Carrie Cordero, Georgetown’s Director of National Security Studies and a former Justice Department official, writes in with these thoughts on the AP subpoenas controversy and background law:
In light of the hysteria over reports that the Department of Justice subpoenaed AP records during the course of a leak investigation, it might be useful to step back and keep in mind what the law actually is when it comes to telephone records (also known as toll records and dialed digits), regardless of whose records they are.
In a nutshell: there is no right to privacy in dialed digits, under longstanding law. The relevant foundational cases go back to Smith v. Maryland, 442 U.S. 735 (1979), which addressed whether a pen register was a search under the 4th amendment, and considered whether there is a legitimate expectation of privacy in dialed digits. The court’s answer to that question was “no.” Smith cited to a case a few years prior, U.S. v. Miller, 425 U.S. 435 (1976), which stands for the proposition that there is no legitimate expectation of privacy in records voluntarily turned over to a third party. (Miller concerned the production of bank records.) These cases are old hat to a lot of Lawfare readers. But when we discuss them in class, my law students are generally shocked, as they have a much different understanding of what the law “should be” in relation to “private” communications; so many of their own, of course, taking place on digital devices.
Had the records request by subpoena been directed at anyone other than journalists, it would be wholly unremarkable: relevant records without constitutional privacy protection were sought in an authorized investigation, pursuant to a subpoena which itself covered only a limited period of time and applied only to specific telephone numbers. No news there; it happens all the time in criminal investigations. What makes these subpoenas of interest, of course, is that the information was requested from news media. However, there is no indication that news media personnel are subjects or targets of the investigation; reports say only that they have information relevant to an authorized investigation. The Department of Justice has heightened approval processes for requesting third party records from a media organization, as Alan explained in an earlier post.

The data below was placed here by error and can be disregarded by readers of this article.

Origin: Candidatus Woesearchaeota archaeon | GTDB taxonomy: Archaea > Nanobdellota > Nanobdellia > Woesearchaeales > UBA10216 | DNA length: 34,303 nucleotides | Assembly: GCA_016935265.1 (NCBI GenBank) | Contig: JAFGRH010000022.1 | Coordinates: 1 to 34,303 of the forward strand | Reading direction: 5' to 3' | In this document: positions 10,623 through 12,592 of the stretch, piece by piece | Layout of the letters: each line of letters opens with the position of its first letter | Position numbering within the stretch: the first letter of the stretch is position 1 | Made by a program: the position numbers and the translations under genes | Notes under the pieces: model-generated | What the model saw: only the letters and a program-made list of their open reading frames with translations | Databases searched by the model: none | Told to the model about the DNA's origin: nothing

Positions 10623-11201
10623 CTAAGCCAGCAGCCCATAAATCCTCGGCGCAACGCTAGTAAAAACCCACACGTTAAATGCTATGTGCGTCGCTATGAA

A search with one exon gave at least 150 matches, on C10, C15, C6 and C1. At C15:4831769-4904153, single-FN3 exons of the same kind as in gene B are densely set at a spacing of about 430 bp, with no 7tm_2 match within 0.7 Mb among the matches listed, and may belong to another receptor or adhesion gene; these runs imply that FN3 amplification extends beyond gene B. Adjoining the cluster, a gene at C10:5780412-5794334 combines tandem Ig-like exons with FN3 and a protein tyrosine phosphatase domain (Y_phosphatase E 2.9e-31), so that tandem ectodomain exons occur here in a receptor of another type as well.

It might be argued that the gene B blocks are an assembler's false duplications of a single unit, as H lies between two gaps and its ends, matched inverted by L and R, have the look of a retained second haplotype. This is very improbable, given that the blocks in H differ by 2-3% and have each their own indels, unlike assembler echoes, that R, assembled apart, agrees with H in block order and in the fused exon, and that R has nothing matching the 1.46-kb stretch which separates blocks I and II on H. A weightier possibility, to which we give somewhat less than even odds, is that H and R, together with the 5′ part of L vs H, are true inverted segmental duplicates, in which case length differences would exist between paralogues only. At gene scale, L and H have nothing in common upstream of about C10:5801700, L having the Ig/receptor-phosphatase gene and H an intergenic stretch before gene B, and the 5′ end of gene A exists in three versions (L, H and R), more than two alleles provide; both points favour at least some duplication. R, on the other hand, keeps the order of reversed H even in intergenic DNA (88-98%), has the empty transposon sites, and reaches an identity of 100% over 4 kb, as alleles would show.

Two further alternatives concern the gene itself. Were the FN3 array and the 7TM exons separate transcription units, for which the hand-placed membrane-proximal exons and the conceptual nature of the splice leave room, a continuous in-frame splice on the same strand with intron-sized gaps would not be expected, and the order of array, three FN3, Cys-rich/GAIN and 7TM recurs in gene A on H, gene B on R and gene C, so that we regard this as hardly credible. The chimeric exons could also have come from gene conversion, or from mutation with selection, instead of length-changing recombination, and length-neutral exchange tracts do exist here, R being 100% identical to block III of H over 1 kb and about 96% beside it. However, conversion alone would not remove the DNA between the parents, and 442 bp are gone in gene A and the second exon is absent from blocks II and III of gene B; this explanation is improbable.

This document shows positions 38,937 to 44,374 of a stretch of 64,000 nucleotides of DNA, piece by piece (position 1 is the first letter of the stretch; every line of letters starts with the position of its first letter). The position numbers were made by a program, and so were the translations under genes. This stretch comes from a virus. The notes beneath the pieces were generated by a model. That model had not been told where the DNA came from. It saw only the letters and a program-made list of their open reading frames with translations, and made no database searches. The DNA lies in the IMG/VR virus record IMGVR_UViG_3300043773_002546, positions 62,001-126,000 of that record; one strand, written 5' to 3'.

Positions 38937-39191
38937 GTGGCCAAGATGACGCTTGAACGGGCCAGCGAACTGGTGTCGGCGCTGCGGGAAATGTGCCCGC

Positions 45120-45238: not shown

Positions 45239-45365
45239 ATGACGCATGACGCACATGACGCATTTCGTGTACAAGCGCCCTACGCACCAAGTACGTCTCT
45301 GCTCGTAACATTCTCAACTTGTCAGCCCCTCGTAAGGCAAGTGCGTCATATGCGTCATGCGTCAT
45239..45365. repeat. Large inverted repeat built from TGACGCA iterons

So there’s the past and present. In addition to renewed interest in media shield legislation, the future could get more interesting when it comes to third party records and privacy. In the AP case, it’s sort of a throwback that the subpoena concerned old fashioned telephone records. Given the volume of communications that now take place over digital devices such as emails and text messages—as opposed to the old fashioned telephone (or the somewhat quaint “cell phone”)—legislators may use the AP story as justification for adding additional protections to information such as dialed digits, or “to/from” information, in the possession of third parties.
Legislators already have taken steps in this direction. During debate on the FISA Amendments Act renewal legislation last year, Sen. Rand Paul introduced SA 3436, which he called the “Fourth Amendment Preservation and Protection Act of 2012.” In short, this little-noticed (and ultimately unsuccessful) amendment would have required the government to obtain a probable cause warrant before collecting third party records. The approach was beyond impractical—its adoption would bring criminal investigations of all sorts of violations to a grinding halt—but the underlying principle, that third party records should be given more protection, has the potential to appeal both to liberal privacy advocates and to conservative libertarians. This potential political alignment suggests that third party record “privacy” could be an area of future legislative initiative.
A final word on the leaks issue. Politically, there’s been a lot made of the fact that this Administration’s Justice Department is aggressively pursuing leak prosecutions. It’s likely that the tension between national security and law enforcement officials pursuing leakers, and the news media pushing back, will remain. Leaks are unlawful. And they can be damaging. On the other hand, journalists view leakers as important sources of information about government activities. Perhaps this Administration’s pursuit of leaks investigations provides a little hope that at least some national security matters remain insulated from political influence: leaks of classified information are a national security problem, no matter which party occupies the White House.